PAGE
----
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The Oscar Quest: Reconsidered (Best Supporting Actor, 1955-1956)

The Oscar Quest began in May of 2010. I finished about fifteen months later, and wrote it up for this site. That was essentially the first thing I did on here. Five years have passed since then. I’ve grown as a person. My tastes have changed, matured (or gotten more immature, in some cases). So it feels fitting, on the five year anniversary of the site and of the Oscar Quest, to revisit it.

I want to see just how my opinions about things have changed over the past five years. I didn’t do any particular work or catch-up for this. I didn’t go back and watch all the movies again. Some I went back to see naturally, others I haven’t watched in five years. I really just want to go back and rewrite the whole thing as a more mature person, less concerned with making points about certain categories and films than with just analyzing the whole thing as objectively as I can to give people who are interested as much information as possible.

This is the more mature version of the Oscar Quest. Updated, more in-depth, as objective as possible, less hostile. You can still read the old articles, but know that those are of a certain time, and these represent the present.

1955

Arthur Kennedy, Trial

Jack Lemmon, Mister Roberts

Joe Mantell, Marty

Sal Mineo, Rebel Without a Cause

Arthur O’Connell, Picnic

Analysis:

Trial was one of the absolute last films I found on this Quest. It was impossible to find.

It’s about a Mexican kid who is hanging out in a place with whites where he’s not supposed to, and a girl does (having nothing to do with him). He’s arrested and charged with her murder. And it’s up to Glenn Ford to defend the kid and prove him innocent. In case you didn’t know it was a trial movie.

Arthur Kennedy plays the man who runs Ford’s law firm who, on the surface, really wants to help the kid be free. Though we find out that what he really is doing is using the case to put forth a communist agenda. He’s in tight with the boy’s mother and brings her to a bunch of fundraisers. So she thinks he has the boy’s best interests at heart. But what he really wants is the appearance of defending the kid while he gets convicted and dies, proving a useful propaganda piece for his own agenda. And after Ford figures this out, Kennedy becomes a villain. He manipulates the situation in order to get the kid on the stand, thereby almost ensuring a conviction.

Kennedy is pretty great here. He’s such a sleazy scumbag. He plays the part perfectly. This is one of those situations where you could make a case for him. I know no one’s really seen the film, but if you have, you’ll see that, in a category like this, he’s top three. And since there’s not a clear winner here, you can definitely make a case for him as the choice.

Mister Roberts is a great comedy. One of those premises that works no matter how you do it.

It’s basically about the hijinks that happens on a not-particularly-important ship during World War II. (McHale’s Navy, MASH, Operation Petticoat — they’ve done this story a bunch.) And the cast is Henry Fonda, Jack Lemmon, James Cagney, William Powell, Ward Bond. How can you go wrong?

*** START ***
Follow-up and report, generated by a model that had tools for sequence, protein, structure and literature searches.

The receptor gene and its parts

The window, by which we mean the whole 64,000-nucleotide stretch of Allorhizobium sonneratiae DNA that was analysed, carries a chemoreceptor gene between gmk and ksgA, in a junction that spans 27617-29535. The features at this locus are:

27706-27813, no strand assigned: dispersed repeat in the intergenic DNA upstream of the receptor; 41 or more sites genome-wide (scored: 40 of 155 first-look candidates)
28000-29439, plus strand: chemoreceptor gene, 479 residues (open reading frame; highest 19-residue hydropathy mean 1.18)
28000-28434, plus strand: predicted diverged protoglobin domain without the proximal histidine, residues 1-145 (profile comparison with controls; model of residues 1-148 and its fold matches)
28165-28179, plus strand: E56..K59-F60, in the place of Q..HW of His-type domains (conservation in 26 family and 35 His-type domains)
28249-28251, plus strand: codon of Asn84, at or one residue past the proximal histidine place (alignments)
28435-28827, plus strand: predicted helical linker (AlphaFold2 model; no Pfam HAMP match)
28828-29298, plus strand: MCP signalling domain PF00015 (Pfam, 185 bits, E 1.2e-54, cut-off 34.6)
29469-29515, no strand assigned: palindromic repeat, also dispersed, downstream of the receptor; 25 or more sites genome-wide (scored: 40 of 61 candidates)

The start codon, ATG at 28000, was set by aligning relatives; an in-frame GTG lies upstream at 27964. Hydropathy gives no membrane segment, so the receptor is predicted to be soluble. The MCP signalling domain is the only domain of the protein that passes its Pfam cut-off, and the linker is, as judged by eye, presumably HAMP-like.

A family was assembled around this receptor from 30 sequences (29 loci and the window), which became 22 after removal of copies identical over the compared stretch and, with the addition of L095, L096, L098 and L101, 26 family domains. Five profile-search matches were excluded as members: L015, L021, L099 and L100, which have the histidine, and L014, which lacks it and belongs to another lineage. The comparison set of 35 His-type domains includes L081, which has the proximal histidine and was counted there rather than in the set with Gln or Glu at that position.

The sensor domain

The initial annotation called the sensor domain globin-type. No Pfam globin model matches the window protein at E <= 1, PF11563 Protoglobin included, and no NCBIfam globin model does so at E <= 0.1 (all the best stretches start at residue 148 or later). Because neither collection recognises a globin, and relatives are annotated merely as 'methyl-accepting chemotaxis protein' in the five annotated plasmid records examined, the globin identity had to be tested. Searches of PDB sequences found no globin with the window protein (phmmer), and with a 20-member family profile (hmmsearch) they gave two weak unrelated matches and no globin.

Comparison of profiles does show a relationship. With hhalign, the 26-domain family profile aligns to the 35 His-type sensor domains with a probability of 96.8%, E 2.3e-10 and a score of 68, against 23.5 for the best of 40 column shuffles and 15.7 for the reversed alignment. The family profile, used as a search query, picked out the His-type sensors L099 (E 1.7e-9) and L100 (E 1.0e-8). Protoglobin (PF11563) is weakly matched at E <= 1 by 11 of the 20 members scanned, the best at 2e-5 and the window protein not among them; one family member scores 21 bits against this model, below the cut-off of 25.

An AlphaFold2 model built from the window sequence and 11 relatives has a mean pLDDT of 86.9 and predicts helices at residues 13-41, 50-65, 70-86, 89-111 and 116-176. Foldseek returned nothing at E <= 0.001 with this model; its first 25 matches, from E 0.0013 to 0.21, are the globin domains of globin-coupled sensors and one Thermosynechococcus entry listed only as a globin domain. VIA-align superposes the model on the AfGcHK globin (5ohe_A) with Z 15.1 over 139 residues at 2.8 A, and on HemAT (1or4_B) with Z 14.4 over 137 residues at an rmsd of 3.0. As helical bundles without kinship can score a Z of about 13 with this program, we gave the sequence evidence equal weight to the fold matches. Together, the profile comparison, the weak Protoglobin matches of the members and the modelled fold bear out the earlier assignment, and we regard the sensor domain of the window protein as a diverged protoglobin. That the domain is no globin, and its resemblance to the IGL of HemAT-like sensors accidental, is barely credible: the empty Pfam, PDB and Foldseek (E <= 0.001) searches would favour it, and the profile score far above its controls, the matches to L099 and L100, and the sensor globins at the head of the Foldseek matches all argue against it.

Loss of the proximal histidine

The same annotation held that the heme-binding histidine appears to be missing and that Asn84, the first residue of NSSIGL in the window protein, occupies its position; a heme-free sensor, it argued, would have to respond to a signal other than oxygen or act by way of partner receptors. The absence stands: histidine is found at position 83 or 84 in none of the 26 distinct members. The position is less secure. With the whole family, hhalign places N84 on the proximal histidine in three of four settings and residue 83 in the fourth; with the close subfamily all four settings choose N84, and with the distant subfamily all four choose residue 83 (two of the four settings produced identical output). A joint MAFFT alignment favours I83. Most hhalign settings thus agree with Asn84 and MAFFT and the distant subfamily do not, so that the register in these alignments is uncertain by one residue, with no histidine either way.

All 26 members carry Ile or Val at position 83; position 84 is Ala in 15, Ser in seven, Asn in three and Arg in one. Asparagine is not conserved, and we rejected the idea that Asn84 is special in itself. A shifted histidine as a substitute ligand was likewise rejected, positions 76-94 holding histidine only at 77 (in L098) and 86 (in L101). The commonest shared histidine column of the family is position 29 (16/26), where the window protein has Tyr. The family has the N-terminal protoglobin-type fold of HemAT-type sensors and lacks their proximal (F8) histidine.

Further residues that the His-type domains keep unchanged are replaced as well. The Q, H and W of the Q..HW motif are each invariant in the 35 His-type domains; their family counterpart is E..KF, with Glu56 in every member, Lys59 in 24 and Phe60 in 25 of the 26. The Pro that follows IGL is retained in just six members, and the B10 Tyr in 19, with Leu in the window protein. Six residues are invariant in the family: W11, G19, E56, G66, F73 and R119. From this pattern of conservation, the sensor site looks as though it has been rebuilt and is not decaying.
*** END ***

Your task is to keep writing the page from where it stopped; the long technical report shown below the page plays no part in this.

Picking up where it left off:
The specifics are — James Cagney runs the ship, and everyone hates him. He’s like a comedy version of Bogart in The Caine Mutiny. And Fonda is the sort of second in command, who is beloved. And he tries to keep things going smoothly and keep things fun for the men, even though he longs to actually be involved in the fighting. And of course, hijinks occur, and it’s hilarious.

Jack Lemmon plays Ensign Pulver (who got his own spinoff/sequel film, which didn’t star any of the original cast), a crew member who is so lazy and avoids the captain so much that Cagney has no idea what he even looks like. He hears about all the shit that Pulver does but has no idea who Pulver actually is. So Lemmon gets away with doing all this illegal shit. The idea is that he’s resourceful but not really the most helpful soldier… until the end, when he ends up having the courage to stand up to Cagney and take up where Fonda left off.

He’s… mostly comic relief. He gets a nice dramatic moment in the end when he reads the letter. But otherwise it’s just comedy. Interesting win. But I get it. He’s a great comedian and this was his third or fourth movie. So the win makes sense. I love him and I like the movie quite a bit and I think he’s really good in it. But I’m not sure if the performance screams “vote.” This will be interesting.

Marty is a fucking masterpiece. Such a small, beautiful film.

Ernest Borgnine is a lonely butcher in Brooklyn. He’s 35 and still single. And one night, he goes to a dance and meets a shy schoolteacher. And they hit it off. And they make a real connection with one another. And all of a sudden, even though everyone’s been asking him why he hasn’t gotten married yet, now they’re saying, “You can’t see that girl again.” It’s a really wonderful film. Borgnine and Betsy Blair are so good in this.